Do you need a Texas-based partner for your CPRIT grant?
Interested in our services?

Combination immunotherapy with Herceptin and the HER2 vaccine E75 in low and intermediate HER2-expressing breast cancer patients to prevent recurrence

This study includes patients that have been treated for node-positive (NP) or high-risk node-negative (NN) breast cancer where they are at risk for recurrence (breast cancer coming back); and also because tumor cells show a specific protein called HER2/neu on their cell surfaces. “Node-positive” means that breast cancer has been found in the lymph nodes. “High-risk node-negative” for the purposes of this trial means that breast cancer has not been found in the lymph nodes but that the tumor is not sensitive to hormones which means that a patient may be at an increased risk for recurrence.

There will be approximately 300 people volunteering for this study from approximately 15-20 hospitals across the United States.

The purposes of this study are to (1) test the HER2/neu peptide (piece of the protein) E75 as a vaccine in combination with Herceptinâ (trastuzumab) to determine if it can prevent breast cancer recurrence; (2) to look at the immune system’s response to the vaccine in combination with Herceptin; and (3) to collect information on the safety of using the vaccine in combination with Herceptin.

HER2/neu is a protein that is found on breast cancer cells in very large amounts about 20 – 30% of the time and in moderate amounts about 60 – 70% of the time. This protein is recognized by the immune system as being dangerous. We have studied three different HER2/neu peptides as vaccines in breast cancer patients and shown in laboratory studies that all three can stimulate the immune system to recognize and kill cancer cells that have HER2/neu protein on their cell surfaces.

Herceptin (trastuzumab) is a man-made antibody (a protein that normally protects the body from foreign invaders, such as bacteria or viruses) that has been shown to increase the survival of some breast cancer patients when given with standard chemotherapy. It is believed to work by slowing the growth of tumors. The Food and Drug Administration (FDA) has approved the drug for the treatment of women with a type of breast cancer with a higher than normal number of receptors on the surface of their breast cancer cells called HER2/neu positive breast cancer. Although Herceptin has not been approved for the type of breast cancer in this trial, some research has shown it may be of value in treatment.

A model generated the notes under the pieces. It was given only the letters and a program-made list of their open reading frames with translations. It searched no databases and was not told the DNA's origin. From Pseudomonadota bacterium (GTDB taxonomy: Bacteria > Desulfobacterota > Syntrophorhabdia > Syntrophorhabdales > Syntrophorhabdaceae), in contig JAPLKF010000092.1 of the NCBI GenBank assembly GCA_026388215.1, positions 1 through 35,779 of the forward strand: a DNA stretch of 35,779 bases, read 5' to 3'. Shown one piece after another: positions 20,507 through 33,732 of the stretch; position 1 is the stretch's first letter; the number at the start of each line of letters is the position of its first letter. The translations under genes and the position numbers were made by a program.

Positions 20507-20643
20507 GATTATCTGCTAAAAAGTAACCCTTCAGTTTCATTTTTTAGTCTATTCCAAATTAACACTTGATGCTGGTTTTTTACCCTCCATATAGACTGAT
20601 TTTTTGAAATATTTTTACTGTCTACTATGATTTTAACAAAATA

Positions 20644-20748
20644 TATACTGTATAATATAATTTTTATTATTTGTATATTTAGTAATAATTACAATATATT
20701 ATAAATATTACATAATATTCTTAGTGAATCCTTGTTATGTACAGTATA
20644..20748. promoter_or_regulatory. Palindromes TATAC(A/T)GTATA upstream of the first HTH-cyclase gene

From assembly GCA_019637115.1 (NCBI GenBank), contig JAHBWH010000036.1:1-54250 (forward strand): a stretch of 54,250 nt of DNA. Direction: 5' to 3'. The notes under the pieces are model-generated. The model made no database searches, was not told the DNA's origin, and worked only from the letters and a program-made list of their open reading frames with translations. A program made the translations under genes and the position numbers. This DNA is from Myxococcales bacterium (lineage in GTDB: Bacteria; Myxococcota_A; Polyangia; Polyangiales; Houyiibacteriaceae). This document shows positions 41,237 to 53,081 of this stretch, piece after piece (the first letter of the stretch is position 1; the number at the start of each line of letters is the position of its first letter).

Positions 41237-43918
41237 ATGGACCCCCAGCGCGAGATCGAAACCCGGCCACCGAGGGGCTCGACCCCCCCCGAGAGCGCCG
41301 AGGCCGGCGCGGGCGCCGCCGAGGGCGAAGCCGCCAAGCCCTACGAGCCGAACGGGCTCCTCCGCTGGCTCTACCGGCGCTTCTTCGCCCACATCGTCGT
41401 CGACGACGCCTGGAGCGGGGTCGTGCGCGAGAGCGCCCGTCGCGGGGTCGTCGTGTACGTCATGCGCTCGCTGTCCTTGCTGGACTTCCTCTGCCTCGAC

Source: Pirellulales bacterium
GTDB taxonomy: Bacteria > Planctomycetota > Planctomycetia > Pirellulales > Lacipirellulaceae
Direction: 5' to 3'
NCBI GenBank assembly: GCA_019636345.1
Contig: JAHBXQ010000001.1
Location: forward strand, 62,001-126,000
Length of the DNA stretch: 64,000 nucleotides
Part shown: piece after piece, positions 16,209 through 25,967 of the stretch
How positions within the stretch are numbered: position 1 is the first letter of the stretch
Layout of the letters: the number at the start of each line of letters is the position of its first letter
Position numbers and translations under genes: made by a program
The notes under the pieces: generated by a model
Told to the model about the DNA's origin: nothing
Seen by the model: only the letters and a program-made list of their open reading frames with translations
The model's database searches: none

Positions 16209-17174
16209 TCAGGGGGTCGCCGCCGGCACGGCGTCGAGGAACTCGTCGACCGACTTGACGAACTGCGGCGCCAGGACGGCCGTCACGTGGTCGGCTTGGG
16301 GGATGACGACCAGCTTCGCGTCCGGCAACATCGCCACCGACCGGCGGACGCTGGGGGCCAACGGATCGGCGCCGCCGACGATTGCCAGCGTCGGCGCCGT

E75 is a HER2/neu peptide (a piece of a protein). The peptide is combined with another product called an “adjuvant” that is meant to improve the response of the immune system. Granulocyte-macrophage colony-stimulating factor (GM-CSF) is a FDA-approved medication. In this study, we use GM-CSF as an immunoadjuvant in an investigational method. An immunoadjuvant means that the medication GM-CSF is a substance added to the vaccine to improve the immune response.

During this study we will try to stimulate the patient’s own immune system to produce an immune response against HER2/neu. We want to see if this investigational drug, E75, will create or boost (increase) immunity against the patient’s tumor. This study is designed to find out its safety and effectiveness in the treatment of breast cancer.

Initially, blood tests will be performed to determine the patient’s HLA-type (a set of unique proteins expressed on all of the cells in your body). The HLA type must be HLA-A2 positive (A2+) or HLA-A3 positive (A3+) to be eligible for the study. If it is HLA-A2 negative (A2‾) and HLA-A3 negative (A3‾), the patient does not qualify for this study and will not receive the vaccine.

If the patient’s type is A2+ and/or A3+, they will be screened to see if they meet the other qualifications for the study. If the patient does qualify and chooses to participate in the trial, they will be randomized (flip of a coin) to determine if they will receive the E75 peptide and GM-CSF or GM-CSF alone. The patient will not know which one they are receiving. Everyone will receive Herceptin. There are approximately 40 outpatient visits to the clinic over 3 years that are required. The ultimate purpose of the study is to determine if the combination of Herceptin and the E75/GM-CSF vaccine will decrease the risk of breast cancer recurrence.

map-1-2plus

The map above depicts the locations where the clinical trial is taking place across the United States.

For more detailed criteria, eligibility, and trial specifics at CLinicalTrials.gov, please click here.

ClinicalTrial.gov Identifier NCT01570036